Public and private interests in the formulation of government policy : the case of the Import Duties Advisory Committee (IDAC) in 1930s Britain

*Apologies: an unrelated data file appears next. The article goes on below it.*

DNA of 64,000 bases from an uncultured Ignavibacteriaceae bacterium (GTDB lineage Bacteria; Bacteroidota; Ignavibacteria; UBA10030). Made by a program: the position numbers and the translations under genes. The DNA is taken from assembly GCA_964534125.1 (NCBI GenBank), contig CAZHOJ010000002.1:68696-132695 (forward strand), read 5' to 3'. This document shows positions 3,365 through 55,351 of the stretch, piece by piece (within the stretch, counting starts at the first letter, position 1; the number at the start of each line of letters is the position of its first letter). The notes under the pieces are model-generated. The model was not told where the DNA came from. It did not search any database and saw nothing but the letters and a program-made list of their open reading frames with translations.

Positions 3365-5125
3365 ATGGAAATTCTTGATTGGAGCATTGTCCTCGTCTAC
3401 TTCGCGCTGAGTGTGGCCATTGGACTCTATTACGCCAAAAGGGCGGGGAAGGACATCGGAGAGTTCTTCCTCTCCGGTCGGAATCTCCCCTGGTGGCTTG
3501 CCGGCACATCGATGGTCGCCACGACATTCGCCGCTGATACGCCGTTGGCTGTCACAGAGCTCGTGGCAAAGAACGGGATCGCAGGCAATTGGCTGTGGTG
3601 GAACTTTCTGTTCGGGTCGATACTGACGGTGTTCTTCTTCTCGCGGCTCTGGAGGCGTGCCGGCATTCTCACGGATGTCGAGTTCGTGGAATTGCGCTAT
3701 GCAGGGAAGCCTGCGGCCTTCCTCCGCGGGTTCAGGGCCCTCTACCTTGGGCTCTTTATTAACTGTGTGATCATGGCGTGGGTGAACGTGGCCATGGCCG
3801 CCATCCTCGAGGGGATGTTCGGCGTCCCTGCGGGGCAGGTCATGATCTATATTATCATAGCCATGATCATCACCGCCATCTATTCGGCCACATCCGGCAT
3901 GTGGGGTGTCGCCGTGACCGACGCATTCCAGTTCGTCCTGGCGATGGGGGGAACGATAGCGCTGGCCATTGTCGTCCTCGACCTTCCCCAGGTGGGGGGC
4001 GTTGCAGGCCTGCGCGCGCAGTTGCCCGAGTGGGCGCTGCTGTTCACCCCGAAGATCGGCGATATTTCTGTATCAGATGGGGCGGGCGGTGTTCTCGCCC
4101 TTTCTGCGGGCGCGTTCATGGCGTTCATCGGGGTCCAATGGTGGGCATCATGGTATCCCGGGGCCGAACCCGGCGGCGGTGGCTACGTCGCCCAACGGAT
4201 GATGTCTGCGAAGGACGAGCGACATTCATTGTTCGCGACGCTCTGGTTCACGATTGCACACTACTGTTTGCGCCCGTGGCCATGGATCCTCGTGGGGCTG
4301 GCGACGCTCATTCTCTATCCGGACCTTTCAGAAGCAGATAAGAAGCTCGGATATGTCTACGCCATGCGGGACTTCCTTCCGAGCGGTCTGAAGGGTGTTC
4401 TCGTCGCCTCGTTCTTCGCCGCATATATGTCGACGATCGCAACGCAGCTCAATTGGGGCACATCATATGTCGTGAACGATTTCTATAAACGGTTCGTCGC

The thesis examines the interplay of business, politics and the economy during the 1930s. Relationships are studied through the analysis of the tariff introduced in 1932 by the British government. The introduction of the tariff in 1932 was important because this marked a clear break in government policy toward international trade, Britain having had a long tradition of free trade. The work is not concerned with the macroeconomic effects of the tariff and its overall impact on the economy. The focus instead is upon policy formulation and business involvement in this process. Government knew the tariff could be used as more than a revenue earner, importantly the tariff also provided them with the opportunity to negotiate with industry, enabling intervention and promotion of industrial policy aims. On the other side, business wanted a given level of protection and would lobby to achieve their aims: while at the same time they were unwilling to undergo change. The thesis provides the first detailed analysis of the work of the Import Duties Advisory Committee [IDAC] and their attempt to develop a 'scientific' tariff from its inception in 1932. A two-pronged approach is taken to the work considering the process from the point of view of the government and business. The first perspective, that of government, considers what the government wanted from the tariff and the extent to which these objectives were met. The second perspective analyses what business wanted and how successful business was in 'capturing' benefits. An overview of how the committee arrived at its decision for all additional duty applications made between 1932 and 1939 is offered in the thesis. This brings to light the factors at play in convincing the Committee that extra protection was justified. Additionally, the work provides an in-depth analysis of selective industry cases.